Groundwater, soil and compost, as possible sources of virulent and antibiotic-resistant Pseudomonas aeruginosa.
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AbstractPseudomonas aeruginosa is a major public health concern all around the world. In the frame of this work, a set of diverse environmental P. aeruginosa isolates with various antibiotic resistance profiles were examined in a Galleria mellonella virulence model. Motility, serotypes, virulence factors and biofilm-forming ability were also examined. Molecular types were determined by pulsed-field gel electrophoresis (PFGE). Based on our results, the majority of environmental isolates were virulent in the G. mellonella test and twitching showed a positive correlation with mortality. Resistance against several antibiotic agents such as Imipenem correlated with a lower virulence in the applied G. mellonella model. PFGE revealed that five examined environmental isolates were closely related to clinically detected pulsed-field types. Our study demonstrated that industrial wastewater effluents, composts, and hydrocarbon-contaminated sites should be considered as hot spots of high-risk clones of P. aeruginosa.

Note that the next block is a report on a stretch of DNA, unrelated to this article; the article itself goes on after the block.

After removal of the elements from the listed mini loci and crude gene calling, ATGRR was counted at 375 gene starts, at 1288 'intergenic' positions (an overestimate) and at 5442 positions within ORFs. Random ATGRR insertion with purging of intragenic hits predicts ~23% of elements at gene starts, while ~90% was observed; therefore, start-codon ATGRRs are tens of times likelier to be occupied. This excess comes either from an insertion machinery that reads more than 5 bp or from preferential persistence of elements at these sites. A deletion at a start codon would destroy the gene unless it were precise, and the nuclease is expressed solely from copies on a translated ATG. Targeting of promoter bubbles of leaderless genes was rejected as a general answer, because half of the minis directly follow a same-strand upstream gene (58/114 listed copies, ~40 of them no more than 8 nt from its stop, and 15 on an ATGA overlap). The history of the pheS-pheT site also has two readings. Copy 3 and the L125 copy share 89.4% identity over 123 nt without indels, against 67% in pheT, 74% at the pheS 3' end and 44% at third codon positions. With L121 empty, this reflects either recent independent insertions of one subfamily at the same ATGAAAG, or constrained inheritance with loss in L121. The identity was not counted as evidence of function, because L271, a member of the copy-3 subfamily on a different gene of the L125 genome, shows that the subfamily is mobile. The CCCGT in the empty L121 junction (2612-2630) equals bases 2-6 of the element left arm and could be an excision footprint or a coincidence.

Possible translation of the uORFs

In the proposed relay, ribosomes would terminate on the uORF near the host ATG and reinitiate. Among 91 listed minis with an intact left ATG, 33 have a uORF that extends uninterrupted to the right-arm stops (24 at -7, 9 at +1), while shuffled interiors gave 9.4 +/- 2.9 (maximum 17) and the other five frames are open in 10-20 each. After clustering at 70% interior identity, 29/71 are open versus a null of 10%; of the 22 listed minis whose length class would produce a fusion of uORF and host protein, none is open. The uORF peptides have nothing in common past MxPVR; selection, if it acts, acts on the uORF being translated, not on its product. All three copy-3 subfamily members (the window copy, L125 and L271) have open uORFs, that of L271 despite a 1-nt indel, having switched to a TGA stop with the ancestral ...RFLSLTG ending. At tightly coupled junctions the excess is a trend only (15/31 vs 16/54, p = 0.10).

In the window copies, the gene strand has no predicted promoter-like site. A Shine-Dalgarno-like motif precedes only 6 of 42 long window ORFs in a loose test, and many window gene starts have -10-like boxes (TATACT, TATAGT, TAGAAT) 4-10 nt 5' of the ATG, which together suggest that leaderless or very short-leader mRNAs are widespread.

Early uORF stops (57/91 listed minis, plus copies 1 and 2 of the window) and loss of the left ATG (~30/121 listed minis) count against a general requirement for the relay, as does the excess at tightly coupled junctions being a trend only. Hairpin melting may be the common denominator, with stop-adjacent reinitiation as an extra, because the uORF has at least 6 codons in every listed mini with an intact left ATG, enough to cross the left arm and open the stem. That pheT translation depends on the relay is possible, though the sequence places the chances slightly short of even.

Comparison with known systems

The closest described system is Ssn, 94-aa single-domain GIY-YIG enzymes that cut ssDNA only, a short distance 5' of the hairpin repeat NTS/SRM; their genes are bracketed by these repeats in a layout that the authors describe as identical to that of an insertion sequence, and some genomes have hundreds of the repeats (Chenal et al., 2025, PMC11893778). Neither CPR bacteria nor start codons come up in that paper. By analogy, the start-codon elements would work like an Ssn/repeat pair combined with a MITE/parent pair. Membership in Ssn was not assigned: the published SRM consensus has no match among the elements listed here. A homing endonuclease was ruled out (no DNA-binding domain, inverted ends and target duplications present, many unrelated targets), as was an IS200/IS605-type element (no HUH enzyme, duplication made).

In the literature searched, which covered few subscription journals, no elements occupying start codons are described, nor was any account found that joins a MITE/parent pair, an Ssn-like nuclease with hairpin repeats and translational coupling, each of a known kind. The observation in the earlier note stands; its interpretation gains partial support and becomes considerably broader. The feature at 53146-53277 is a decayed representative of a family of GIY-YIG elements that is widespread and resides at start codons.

CitationInt J Environ Health Res. 2019 Nov 18:1-13. doi: 10.1080/09603123.2019.1691719.
AffiliationTWINCORE, Zentrum für experimentelle und klinische Infektionsforschung GmbH,Feodor-Lynen Str. 7, 30625 Hannover, Germany.
PublisherTaylor & Francis
The following license files are associated with this item:
- Creative Commons
Except where otherwise noted, this item's license is described as Attribution-NonCommercial-ShareAlike 4.0 International
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